Fire Safety

Matt Scanlon discusses fire safety in the home, including types of fire extinguishers, how to be proactive against home fires, using smoke detectors and fire factors when using fireplaces.
By Matt Scanlon
October/November 2000
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Fire safety

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Learn the basics on fire safety in the home and the different types of fire extinguishers available.

A fire needs three ingredients: fuel, heat and air. Eliminate one factor and a fire can be extinguished. Within the United States, fire departments respond to calls approximately every 15 seconds, and a life is lost every 120 minutes. The National Fire Protection Association (NFPA)'s records report approximately 30,000 individual injuries from fires, over 40,000 annual fatalities, and billions of dollars in property damage. House fires are attributed to accidents with heating and cooking equipment, defective electrical systems, open flames and sparks, flammable liquids, chimneys, cigarettes, and children playing with matches.

The first line of defense in fire safety is, of course, working smoke detectors throughout the home, especially in sleeping quarters. Although 90% of American homes have smoke detectors, about two-thirds of them lack batteries or are obstructed by dust or decaying insects. New detectors with lithium batteries cost between $5 and $10; the Consumer Product Safety Commission (CPSC) recommends that every residence with fuel-burning appliances be equipped with at least one of these. Underwriters' Laboratories Incorporated suggests installing a carbon-monoxide alarm as well — they range in price from $20 to $80 at your local hardware store. Fire extinguishers should be located on every level of the home, one for every 600 square feet of living area. The Department of Transportation (DOT) puts out information on pressurized containers, while Underwriters' Laboratories lists approved fire extinguishers and manufacturers.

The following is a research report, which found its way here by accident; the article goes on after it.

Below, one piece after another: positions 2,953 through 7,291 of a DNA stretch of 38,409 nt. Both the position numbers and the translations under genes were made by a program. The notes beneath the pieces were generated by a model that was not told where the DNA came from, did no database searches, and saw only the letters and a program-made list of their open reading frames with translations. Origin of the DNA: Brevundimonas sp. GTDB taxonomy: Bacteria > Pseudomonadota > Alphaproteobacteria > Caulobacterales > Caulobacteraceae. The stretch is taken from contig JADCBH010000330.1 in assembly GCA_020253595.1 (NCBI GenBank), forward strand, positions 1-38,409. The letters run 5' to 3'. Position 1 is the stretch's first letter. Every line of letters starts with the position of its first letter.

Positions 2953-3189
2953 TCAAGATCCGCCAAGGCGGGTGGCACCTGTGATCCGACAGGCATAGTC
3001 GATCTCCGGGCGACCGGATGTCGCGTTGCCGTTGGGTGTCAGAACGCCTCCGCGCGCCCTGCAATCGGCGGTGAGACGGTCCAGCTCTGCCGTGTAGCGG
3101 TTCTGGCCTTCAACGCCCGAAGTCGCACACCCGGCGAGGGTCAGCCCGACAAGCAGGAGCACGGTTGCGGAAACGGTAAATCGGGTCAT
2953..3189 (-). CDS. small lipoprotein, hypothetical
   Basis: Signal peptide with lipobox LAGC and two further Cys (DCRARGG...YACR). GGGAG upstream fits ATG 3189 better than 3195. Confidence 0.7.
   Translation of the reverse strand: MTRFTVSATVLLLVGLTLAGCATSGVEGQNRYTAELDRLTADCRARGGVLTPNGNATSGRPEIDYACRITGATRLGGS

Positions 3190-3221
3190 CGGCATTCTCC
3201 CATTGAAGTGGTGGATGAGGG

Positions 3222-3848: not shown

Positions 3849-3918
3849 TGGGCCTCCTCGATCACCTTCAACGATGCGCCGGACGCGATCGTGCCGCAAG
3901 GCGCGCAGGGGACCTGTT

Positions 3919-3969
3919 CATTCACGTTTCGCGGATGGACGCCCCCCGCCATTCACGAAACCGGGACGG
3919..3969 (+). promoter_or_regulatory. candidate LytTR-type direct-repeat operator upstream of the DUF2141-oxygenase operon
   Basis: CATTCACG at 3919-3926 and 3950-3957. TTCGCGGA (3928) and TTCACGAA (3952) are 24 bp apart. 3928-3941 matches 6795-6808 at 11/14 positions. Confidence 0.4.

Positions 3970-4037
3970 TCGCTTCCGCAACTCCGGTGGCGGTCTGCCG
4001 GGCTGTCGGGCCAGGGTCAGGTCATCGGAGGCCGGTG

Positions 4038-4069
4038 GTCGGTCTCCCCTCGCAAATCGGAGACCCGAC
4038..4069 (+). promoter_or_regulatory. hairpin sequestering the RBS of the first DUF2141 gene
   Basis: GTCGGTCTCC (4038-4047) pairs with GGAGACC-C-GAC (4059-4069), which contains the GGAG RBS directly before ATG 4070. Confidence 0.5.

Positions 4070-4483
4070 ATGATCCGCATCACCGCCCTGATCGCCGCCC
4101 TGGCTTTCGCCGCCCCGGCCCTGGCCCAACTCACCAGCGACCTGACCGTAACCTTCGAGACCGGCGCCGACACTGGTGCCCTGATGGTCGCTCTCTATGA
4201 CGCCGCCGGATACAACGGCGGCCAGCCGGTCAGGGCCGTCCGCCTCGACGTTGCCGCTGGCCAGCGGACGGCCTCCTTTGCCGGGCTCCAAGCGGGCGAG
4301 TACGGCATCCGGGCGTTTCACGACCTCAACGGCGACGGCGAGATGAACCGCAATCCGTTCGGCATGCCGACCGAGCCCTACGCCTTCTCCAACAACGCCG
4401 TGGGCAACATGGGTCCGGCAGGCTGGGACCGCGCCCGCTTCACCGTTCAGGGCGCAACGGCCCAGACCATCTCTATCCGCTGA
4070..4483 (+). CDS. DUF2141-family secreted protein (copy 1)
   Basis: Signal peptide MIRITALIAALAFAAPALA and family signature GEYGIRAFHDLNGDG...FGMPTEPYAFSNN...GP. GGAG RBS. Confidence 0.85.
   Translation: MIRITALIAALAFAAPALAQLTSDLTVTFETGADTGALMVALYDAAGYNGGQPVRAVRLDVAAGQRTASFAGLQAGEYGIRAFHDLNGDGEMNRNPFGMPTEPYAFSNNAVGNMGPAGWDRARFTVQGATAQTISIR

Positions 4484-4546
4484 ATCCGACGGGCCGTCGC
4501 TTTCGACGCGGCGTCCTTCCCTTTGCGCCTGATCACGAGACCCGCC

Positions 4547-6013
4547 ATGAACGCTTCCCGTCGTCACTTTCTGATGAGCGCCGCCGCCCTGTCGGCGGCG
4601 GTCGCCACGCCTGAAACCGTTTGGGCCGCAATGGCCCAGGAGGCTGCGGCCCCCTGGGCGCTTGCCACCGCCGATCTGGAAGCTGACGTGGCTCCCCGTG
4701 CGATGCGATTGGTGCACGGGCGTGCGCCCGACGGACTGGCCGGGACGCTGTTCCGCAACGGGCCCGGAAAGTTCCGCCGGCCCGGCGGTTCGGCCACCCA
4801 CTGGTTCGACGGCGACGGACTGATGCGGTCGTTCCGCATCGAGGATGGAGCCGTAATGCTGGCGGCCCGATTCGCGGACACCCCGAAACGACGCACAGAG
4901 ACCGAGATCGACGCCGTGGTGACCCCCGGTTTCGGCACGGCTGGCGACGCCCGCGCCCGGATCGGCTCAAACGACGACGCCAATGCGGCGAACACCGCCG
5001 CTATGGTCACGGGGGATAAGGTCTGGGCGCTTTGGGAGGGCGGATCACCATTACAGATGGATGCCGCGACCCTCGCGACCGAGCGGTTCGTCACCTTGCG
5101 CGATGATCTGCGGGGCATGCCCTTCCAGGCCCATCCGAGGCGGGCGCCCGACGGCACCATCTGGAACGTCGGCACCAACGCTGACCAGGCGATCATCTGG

Different fire extinguishers are appropriate for different types of fires: A, B and C (see below). They can cool burning material, deprive flames of oxygen, or interfere with chemical reactions. There are four types including dry chemical (A, B, C), halon (A,B,C), carbon dioxide (B,C) extinguishers and water extinguishers.

— Rachel Rokicki

Class A-combustible solids: wood, paper, plastics, cloth, rubber
Extinguisher Type: H 2 0 or ABC
Class B-flammable liquids: oils, fuels, oil-based compounds, grease, gasoline
Ext. Type: BC or ABC
Class C-electrical equipment: heat lamps, bare wires, Christmas lights, fuse boxes, circuit breakers
Ext. Type: BC or ABC
Class D-combustible metals: magnesium, potassium, sodium
Ext. Type: D

Multiclass extinguishers: BC (carbon dioxide) or ABC (dry chemical) can be used on more than one class of fire. Since most households contain potentially flammable sources from all three classes, an ABC or multipurpose dry-chemical fire extinguisher is most effective.

They can range from 2 1/2to 30 pounds. Recommended brands include Kidde, FirstAlert, Fireater, Badger, General, Pemall, Flag, Fireline, SRT and Amerex. Both one-use-only, rechargeable extinguishers are available. Homeowners should service extinguishers every two years and/or when pressure dents, cracks or holes in the cylinders are manifest. Prices range from $20 to $100.

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